Update on UC Davis’ Progress toward Achieving Hispanic Serving Institution (HSI) Designation
June 18, 2020–UC Davis has made important progress toward our goal of achieving federal Hispanic Serving Institution (HSI) designation since our last communication on this subject on October 1, 2019, which may open up opportunities to pursue HSI sources of funding. While our HSI ideals go well beyond funding implications, UC Davis recognizes that access to financial resources is essential to advancing many of the recommendations in the HSI Task Force report. The Office of Diversity, Equity, and Inclusion (VC-DEI) has been charged to take a leadership role in communicating with federal agencies, coordinating with partners on campus, and engaging with stakeholders on these funding opportunities. We are also working closely with the Office of Research (OR) and Budget and Institutional Analysis (BIA) to ensure that we provide available accurate information as you, stakeholders on campus, consider these funding opportunities.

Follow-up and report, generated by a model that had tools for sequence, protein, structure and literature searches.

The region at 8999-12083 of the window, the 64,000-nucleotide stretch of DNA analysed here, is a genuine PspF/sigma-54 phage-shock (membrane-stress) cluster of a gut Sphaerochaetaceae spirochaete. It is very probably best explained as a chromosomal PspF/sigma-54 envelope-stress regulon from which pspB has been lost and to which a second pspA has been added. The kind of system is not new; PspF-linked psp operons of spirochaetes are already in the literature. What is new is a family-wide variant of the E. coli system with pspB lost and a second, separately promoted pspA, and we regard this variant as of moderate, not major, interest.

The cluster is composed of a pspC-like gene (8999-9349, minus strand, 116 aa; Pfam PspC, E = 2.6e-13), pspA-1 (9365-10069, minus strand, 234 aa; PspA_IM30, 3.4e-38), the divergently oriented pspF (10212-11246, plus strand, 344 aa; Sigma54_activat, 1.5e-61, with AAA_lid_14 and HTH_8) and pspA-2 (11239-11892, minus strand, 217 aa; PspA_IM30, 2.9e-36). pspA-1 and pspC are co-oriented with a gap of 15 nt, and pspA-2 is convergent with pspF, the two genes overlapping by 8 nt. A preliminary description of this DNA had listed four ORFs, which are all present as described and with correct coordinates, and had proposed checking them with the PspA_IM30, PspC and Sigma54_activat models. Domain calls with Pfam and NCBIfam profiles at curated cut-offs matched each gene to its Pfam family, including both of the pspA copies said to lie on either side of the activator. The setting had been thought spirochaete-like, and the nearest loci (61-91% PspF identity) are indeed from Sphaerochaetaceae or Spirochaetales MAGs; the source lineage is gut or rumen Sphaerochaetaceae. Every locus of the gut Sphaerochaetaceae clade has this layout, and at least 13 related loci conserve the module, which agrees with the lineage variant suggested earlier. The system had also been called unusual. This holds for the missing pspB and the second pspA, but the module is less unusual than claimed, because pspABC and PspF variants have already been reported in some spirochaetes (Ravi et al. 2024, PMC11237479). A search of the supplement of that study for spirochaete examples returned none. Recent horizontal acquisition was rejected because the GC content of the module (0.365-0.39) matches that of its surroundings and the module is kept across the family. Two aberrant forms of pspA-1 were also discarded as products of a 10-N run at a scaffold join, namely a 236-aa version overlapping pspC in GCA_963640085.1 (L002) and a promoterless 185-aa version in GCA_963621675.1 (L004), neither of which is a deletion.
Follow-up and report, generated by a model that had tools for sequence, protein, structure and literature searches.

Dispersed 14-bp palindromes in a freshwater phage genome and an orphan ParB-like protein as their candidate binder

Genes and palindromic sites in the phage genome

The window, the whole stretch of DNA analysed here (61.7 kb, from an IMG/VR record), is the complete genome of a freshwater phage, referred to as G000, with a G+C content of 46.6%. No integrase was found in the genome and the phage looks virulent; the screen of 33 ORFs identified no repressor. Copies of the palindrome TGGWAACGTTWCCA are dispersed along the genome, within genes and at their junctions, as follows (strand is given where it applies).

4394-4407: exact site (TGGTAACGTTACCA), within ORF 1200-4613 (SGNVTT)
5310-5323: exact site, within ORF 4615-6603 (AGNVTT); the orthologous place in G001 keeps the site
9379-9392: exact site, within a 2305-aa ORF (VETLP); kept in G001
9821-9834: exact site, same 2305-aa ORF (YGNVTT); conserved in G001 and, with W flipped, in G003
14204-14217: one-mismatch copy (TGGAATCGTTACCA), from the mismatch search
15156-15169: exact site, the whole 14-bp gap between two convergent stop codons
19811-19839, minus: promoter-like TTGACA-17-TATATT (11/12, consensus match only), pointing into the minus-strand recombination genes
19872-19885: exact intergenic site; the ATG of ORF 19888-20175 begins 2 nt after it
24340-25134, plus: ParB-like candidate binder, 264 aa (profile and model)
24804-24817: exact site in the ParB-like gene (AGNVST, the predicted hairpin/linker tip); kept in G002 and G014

First, we want to explain that under federal law, UC Davis may qualify as a Minority Serving Institution (MSI) both as an HSI and as an Asian American and Native American Pacific Islander-Serving Institution (AANAPISI). The Higher Education Act established the U.S. Department of Education (ED) as the federal agency responsible for determining eligibility and designation under both HSI and AANAPISI, which are necessary precursors to access federal funding. For this reason, other federal agencies that make available funding opportunities to MSIs – including the National Science Foundation, the U.S. Department of Agriculture, the U.S. Department of Veteran Affairs, among others— rely on ED’s determinations of these designations.